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Thailand: Let's Kill Some More Teachers
   Next Article → KOREA: Strength, Not Sympathy
December 3, 2012: The Islamic terrorism in the south continues. In the last eight years over 11,000 attacks have killed 5,000 people and wounded more than 9,000. While the number of incidents per month has declined over the last few years, efforts to negotiate with the Islamic terror groups have proved impossible. Dissatisfaction among the Moslem civilians in the south has become more of a problem for the Islamic terrorists than the numerous police and army patrols.

 December 2, 2012: In the south (Pattani) several hundred schools were reopened after being closed for a week so that teacher security could be upgraded. In the last eight years 154 teachers have been killed and 151 wounded in the south. Most of these casualties were Buddhists, who are now paid bonuses to teach in the south. Low education levels in the area have been responsible for much of the poverty there. There are not enough college educated southerners to staff the schools or provide other professional services (like lawyers, nurses, and doctors). The Islamic terrorists are against more education in the south, but most of the Moslems down there disagree with this.

November 30, 2012: In the south a roadside bomb killed a soldier and wounded five others.

November 26, 2012: Some 300 schools were closed in the south in response to teacher demands that security be improved for the staff.

November 24, 2012: About 12,000 royalist (“yellow shirt”) demonstrators assembled in the capital but were confronted by 17,000 police. The demonstration was considered a failure. Last year the low-level civil war that has been going on for the last six years ended. The Royalists acknowledged that the majority of Thais do not support them and agreed to abide by the results of the July 3rd, 2011 election that put a red shirt party into power. The royalists (also called the urban elite) gained power via a coup in 2006, and held onto it using tainted elections. For years the Royalists tried to capture and prosecute the Populist (red shirt) leader, former prime minister Thaksin Shinawatra. The royalists and urban elites believed that the capture, trial, and imprisonment of Shinawatra might break the will of the populists or convince Shinawatra to switch sides. Two years ago the courts moved to seize half of Shinawatra's fortune ($1.4 billion), as a fine for being corrupt. This was an unpopular move, since nearly all Thai politicians are corrupt and people wondered who was going to get the $1.4 billion. The red shirts threatened violence over the seizure, although Shinawatra, from exile in Dubai, urged calm and only non-violent demonstrations. Many Royalists believed that Shinawatra was financing the populist violence with this money. The royalists have contempt for the poor and less educated red shirts, and this is returned with resentment and growing anger towards the wealthier and better educated urban population that opposes majority rule. This anger has not been extinguished by the government use of force against those demonstrating for fair elections and a restoration of democracy. Such class warfare is nothing new. There were similar outbreaks in the 1970s and 1990s. But the current one is more widespread and having more of a negative impact on the economy.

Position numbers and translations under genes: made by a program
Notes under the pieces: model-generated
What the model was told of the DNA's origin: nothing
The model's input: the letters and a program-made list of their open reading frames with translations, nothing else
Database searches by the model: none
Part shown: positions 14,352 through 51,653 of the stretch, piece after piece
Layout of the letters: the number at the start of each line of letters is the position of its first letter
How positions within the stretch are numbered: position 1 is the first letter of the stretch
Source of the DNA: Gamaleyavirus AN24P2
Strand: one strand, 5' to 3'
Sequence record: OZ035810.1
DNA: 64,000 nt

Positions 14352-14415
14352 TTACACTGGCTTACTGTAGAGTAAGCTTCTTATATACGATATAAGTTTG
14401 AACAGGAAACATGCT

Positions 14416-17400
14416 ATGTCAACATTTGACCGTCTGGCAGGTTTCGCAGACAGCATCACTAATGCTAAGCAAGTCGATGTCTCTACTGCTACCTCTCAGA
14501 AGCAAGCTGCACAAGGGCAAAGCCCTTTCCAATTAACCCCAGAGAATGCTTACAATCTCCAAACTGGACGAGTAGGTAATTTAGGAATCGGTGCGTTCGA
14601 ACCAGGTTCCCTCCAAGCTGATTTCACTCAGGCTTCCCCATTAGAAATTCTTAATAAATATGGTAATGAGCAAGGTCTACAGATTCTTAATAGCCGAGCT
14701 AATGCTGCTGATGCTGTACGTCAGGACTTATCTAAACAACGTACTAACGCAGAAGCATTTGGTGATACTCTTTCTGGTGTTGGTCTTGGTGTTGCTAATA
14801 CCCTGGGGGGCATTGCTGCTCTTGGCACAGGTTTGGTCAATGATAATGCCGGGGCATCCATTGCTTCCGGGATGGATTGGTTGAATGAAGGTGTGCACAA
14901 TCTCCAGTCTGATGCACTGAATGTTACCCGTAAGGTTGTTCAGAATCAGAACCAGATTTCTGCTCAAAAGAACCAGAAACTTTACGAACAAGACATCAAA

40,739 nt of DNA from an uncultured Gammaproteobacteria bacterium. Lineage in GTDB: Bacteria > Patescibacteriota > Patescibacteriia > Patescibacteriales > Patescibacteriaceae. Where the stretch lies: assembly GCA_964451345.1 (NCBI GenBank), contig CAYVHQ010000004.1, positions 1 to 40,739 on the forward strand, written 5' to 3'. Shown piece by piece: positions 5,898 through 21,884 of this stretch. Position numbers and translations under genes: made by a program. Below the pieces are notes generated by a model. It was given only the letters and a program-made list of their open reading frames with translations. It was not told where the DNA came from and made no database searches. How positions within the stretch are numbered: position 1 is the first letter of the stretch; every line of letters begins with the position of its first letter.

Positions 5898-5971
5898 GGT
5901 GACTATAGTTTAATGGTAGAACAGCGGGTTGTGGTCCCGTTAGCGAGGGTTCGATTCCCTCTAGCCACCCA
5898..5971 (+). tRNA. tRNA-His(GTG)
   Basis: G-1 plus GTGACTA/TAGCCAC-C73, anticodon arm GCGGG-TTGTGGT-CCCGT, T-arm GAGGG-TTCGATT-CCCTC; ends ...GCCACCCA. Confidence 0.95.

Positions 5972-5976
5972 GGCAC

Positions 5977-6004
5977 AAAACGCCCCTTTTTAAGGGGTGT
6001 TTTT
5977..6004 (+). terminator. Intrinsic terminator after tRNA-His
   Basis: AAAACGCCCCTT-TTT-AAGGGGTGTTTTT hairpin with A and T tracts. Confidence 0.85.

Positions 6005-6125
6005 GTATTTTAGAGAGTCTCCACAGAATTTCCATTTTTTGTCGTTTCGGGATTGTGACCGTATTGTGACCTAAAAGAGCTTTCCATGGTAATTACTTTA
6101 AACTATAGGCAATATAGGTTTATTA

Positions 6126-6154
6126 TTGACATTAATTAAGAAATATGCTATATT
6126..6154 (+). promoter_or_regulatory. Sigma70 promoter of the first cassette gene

November 22, 2012: In the south (Pattani), two gunmen shot to death the principal of a school. This caused 40 schools in the district to suspend classes as teachers called for an upgrade in their security.

November 21, 2012: In the south (Narathiwat province) a roadside bomb went off, wounding two soldiers and a civilian. Train service resumed after being suspended for three days because of a bomb that cut the main track. Elsewhere in the south another bomb was found and disarmed.

November 20, 2012: In the south two roadside bombs were spotted by local civilians, reported, and disarmed by military engineers. The remote control bombs were apparently meant for an army patrol that uses the road.

November 18, 2012: In the south (Narathiwat province) a bomb on the tracks, near a railroad station, went off and damaged a train. Two cars were derailed. Nearby Islamic terrorists opened fire, and when the attack was all over three guards were dead and 34 people wounded.

November 15, 2012: In the south two civilians were killed, apparently by Islamic terrorists. One was a village leader, the other was a rubber plantation worker. 

Next Article → KOREA: Strength, Not Sympathy